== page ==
Counting the Omer
The Jewish people left Egypt on Passover, and 50 days later (on the holiday of Shavuot) received the Torah at Mount Sinai. Today, in revisiting that Sinai experience, we observe a special mitzvah called “Counting the Omer,” where we actually count aloud each of these days, beginning on the second night of Passover. (The Omer was a special offering brought to the Holy Temple during this season.)
Counting in anticipation of an exciting event is quite understandable. At one time or another, we’ve all probably said something like, “Grandma’s coming to visit in a week and a half,” or “Only 17 more days til my birthday!” But there’s one subtle difference: The usual method is to count down toward the big day, whereas in the case of the Omer, we count up ― from one to 50. Why the difference.
To understand, we first need to answer a more basic question: Why did God wait 50 days after the Jews left Egypt before giving the Torah? Why didn’t He simply give it to them in Egypt, or immediately after their departure?
The answer is that the Jews were not yet spiritually equipped to receive the Torah. For over 200 years, they had been living in an Egyptian society known to be the world center for immorality and vice. Even without direct Jewish participation, these influences nonetheless permeated the air and seeped into their consciousness. The primary book of Kabbalah, “The Zohar,” reports that in Egypt the Jews had slipped to the 49th level of spiritual impurity. (50 is the very lowest.) God could not give the Torah at this point. The Jews needed to grow up first, or else they would have squandered the opportunity.
The high-impact adventure of the Exodus ― 10 miraculous plagues and the splitting of the Red Sea ― launched the Jews into physical freedom. Yet the miracles of Egypt were only a jump-start to the spiritual possibilities that lay ahead. A one-time experience, as powerful as it is, does not permanently change anyone’s emotional attitude. That is only possible through practice and adjustment over time.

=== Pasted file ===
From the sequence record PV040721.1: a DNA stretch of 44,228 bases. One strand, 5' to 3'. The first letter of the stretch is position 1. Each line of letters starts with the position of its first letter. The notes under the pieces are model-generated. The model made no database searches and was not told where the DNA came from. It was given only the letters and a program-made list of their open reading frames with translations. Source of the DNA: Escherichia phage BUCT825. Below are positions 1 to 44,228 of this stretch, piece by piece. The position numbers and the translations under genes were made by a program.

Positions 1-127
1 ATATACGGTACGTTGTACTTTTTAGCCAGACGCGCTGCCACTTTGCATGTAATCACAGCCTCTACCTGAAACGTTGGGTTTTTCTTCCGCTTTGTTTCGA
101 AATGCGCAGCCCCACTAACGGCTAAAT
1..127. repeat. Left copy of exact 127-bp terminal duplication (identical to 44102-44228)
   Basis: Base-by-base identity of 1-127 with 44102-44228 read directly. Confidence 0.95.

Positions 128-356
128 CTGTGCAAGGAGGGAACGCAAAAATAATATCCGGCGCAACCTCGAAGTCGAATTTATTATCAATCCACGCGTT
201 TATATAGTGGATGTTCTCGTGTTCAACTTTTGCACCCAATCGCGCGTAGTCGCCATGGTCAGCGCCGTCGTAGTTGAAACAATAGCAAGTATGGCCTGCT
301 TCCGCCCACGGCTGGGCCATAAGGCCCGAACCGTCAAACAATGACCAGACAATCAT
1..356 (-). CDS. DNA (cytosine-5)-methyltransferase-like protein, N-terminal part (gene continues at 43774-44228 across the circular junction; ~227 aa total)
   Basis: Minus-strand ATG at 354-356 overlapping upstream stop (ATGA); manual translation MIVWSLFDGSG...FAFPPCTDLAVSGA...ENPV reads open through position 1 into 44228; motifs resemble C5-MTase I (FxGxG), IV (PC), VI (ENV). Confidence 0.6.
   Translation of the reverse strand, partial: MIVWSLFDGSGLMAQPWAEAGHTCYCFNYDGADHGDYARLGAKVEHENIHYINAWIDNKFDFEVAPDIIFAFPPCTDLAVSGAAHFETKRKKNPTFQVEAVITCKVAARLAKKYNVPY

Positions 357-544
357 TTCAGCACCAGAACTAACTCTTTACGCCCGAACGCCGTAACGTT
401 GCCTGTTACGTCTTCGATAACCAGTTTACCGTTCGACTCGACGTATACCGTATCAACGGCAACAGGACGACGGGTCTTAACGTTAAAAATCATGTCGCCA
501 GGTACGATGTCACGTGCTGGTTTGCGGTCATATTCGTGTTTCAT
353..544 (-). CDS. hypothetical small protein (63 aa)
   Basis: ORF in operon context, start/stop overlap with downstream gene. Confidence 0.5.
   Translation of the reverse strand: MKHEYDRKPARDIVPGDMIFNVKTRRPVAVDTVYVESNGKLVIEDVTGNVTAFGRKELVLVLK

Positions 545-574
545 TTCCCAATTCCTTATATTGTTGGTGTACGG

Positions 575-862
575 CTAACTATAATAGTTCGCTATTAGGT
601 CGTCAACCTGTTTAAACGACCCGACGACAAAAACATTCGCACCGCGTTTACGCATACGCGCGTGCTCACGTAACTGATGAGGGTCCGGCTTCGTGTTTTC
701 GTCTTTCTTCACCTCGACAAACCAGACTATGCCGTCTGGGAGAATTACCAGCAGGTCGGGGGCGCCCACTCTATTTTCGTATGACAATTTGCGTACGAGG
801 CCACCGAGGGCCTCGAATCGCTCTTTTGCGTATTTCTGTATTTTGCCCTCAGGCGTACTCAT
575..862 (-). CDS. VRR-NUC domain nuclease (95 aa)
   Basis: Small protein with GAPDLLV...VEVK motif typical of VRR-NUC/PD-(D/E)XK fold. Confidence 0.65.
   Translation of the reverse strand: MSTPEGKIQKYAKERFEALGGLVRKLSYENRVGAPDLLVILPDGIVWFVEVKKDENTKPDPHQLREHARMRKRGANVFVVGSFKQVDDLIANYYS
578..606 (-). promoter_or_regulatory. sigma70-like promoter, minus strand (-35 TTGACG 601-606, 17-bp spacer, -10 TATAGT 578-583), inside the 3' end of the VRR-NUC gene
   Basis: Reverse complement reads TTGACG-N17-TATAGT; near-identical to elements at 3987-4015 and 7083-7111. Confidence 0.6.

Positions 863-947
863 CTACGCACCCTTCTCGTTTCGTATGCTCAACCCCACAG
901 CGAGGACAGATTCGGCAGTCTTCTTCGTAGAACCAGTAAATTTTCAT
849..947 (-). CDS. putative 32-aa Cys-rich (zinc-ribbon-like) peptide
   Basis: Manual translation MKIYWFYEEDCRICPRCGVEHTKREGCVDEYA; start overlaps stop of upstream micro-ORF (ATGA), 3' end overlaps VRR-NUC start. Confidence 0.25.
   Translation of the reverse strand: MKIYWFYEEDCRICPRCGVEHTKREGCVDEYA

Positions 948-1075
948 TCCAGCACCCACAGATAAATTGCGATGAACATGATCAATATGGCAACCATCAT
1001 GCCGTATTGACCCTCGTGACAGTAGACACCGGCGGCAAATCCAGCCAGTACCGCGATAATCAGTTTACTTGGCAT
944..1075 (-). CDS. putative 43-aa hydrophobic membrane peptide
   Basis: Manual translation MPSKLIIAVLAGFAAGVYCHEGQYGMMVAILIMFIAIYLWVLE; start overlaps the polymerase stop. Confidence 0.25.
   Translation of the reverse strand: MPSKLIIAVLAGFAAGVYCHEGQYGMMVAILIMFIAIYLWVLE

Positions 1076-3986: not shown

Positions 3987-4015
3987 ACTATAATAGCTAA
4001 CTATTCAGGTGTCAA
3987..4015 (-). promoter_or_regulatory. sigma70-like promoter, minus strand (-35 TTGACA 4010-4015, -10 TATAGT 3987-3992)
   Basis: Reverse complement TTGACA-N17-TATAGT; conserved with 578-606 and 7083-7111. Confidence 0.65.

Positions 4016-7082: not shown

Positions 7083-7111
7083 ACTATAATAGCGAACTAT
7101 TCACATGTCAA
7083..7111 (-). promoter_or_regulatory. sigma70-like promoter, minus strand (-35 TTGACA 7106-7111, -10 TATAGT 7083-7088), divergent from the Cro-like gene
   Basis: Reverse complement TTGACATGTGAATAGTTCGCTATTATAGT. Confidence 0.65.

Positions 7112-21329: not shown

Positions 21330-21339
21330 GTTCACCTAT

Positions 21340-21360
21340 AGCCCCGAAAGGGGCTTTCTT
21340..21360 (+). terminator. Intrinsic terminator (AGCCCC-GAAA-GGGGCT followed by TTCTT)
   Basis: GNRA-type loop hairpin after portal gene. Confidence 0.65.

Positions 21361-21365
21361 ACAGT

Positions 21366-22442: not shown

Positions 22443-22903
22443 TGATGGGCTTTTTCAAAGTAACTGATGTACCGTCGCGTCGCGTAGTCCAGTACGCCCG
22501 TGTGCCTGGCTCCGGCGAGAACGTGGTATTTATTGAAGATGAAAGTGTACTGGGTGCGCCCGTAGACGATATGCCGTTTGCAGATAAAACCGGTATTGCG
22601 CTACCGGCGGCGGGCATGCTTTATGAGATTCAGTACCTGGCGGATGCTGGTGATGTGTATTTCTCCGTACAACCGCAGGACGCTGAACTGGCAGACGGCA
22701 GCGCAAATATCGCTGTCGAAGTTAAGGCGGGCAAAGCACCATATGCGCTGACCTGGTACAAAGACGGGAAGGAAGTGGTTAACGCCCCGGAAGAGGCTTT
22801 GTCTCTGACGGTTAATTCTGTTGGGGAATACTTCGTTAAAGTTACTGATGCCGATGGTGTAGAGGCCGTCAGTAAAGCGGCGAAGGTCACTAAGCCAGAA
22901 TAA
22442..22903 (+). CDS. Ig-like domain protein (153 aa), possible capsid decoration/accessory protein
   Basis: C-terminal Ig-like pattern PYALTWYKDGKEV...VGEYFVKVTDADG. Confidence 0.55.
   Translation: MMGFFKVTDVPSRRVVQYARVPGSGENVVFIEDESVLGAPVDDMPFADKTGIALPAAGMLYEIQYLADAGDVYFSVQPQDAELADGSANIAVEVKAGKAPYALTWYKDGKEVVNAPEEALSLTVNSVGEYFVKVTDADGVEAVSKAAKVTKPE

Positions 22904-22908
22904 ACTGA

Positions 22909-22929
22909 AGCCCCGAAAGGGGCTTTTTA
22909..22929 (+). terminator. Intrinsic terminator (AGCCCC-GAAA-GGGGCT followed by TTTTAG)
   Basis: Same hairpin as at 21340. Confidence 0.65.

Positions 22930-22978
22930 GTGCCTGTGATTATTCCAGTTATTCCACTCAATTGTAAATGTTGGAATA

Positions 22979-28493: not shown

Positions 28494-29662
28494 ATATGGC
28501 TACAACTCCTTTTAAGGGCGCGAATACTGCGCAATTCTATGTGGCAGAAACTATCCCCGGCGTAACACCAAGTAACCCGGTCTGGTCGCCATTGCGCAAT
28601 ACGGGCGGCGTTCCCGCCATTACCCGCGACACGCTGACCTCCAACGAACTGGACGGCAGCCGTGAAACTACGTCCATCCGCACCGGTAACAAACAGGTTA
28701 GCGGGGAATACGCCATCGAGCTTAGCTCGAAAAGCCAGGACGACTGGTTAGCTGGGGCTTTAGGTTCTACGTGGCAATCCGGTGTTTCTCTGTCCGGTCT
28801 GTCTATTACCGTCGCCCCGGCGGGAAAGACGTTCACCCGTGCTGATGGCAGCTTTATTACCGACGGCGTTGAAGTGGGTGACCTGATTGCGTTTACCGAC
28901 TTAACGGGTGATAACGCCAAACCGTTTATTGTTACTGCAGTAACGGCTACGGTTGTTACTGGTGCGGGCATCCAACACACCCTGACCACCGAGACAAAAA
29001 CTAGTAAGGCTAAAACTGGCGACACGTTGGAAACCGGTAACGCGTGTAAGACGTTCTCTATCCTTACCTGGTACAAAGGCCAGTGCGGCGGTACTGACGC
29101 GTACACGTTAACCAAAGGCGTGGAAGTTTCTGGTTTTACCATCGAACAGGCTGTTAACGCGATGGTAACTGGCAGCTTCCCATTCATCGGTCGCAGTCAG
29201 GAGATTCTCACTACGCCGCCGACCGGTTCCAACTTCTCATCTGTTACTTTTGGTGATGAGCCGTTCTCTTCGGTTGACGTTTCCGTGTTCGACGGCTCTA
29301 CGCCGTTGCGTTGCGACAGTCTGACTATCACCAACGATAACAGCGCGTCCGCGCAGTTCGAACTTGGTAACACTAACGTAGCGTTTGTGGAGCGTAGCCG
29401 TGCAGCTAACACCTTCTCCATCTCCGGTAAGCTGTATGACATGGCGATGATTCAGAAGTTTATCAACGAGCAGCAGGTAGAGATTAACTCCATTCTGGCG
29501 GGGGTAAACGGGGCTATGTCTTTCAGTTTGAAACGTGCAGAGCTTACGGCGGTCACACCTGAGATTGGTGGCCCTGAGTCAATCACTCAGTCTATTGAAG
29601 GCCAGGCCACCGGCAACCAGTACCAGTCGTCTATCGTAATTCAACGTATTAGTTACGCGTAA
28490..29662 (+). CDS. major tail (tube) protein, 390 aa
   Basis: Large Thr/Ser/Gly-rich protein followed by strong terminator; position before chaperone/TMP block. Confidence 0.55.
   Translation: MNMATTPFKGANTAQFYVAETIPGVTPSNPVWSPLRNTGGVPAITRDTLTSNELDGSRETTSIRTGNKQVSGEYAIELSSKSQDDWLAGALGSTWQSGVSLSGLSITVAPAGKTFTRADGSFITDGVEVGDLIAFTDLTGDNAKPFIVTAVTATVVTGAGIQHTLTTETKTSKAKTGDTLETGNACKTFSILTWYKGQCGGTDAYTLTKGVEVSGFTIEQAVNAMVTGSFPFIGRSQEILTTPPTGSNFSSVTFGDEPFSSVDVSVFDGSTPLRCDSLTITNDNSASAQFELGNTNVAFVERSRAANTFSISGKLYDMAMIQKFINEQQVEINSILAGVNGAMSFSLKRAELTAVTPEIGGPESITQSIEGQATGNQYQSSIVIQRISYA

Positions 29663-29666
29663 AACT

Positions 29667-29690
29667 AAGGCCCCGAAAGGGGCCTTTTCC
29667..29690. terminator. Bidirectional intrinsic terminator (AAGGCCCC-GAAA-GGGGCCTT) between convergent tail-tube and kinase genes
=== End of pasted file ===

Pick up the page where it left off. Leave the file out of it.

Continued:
Now we can understand why the 50 days of the Omer is counted in a forward progression. We begin the process at the 49th level of spiritual impurity, and every day we peel away another layer of gunk, to reveal the original, pure soul we each possess. That’s why every step both reduces the negative number and increases the positive number ― the single step of peeling away a layer automatically reveals the corresponding positive side.
Classic Talmudic commentators say that the days of counting the Omer are the most auspicious for acquiring these spiritual levels.
This necessity for self-growth is stressed in the Torah’s description of Abraham: “Abraham was old, he came with his days” (Genesis 24:1). “He came with his days” teaches us that Abraham used each of his days to the fullest extent. At the end of his life, he came to old age “with all his days” in hand. No day was without its requisite growth.
When it comes to children, we take for granted that growth and development is part of childhood. You don’t expect a 10-year-old to act the same way he did at age five. But somehow as adults, we lose that impulse to continue growing. Yet should a 30-year-old act as he did at age 25? As adults, we could be using those five years in a very powerful way.
The formula for staying young is to continue growing. Losing that capacity at any age is tragic. Any time we’re not growing and changing, we’re not living. We’re just existing.
Ideally, at the end of the Omer process, we will have experienced a journey of self-improvement and be ready to receive the Torah. The holiday we’re working toward is called “Shavuot,” which means “weeks.”
Friday Night Service 7:30 P.M.-Henny’s daughter Jenny and husband Stuart will be with us.
Shabbat Morning Service 9 A.M.
Sunday-Hebrew School is on vacation
Sunday-Reception for last year’s emissaries, May and Bar at Beth El- New London 5 P.M.
Tuesday-Yizkor 9 A.M.-Hebrew School resumes at 4:30 P.M.-Talmud 6:30 P.M.
Chag sameach. A happy Passover to you and your families.
Rabbi Ken Alter
Counting the Omer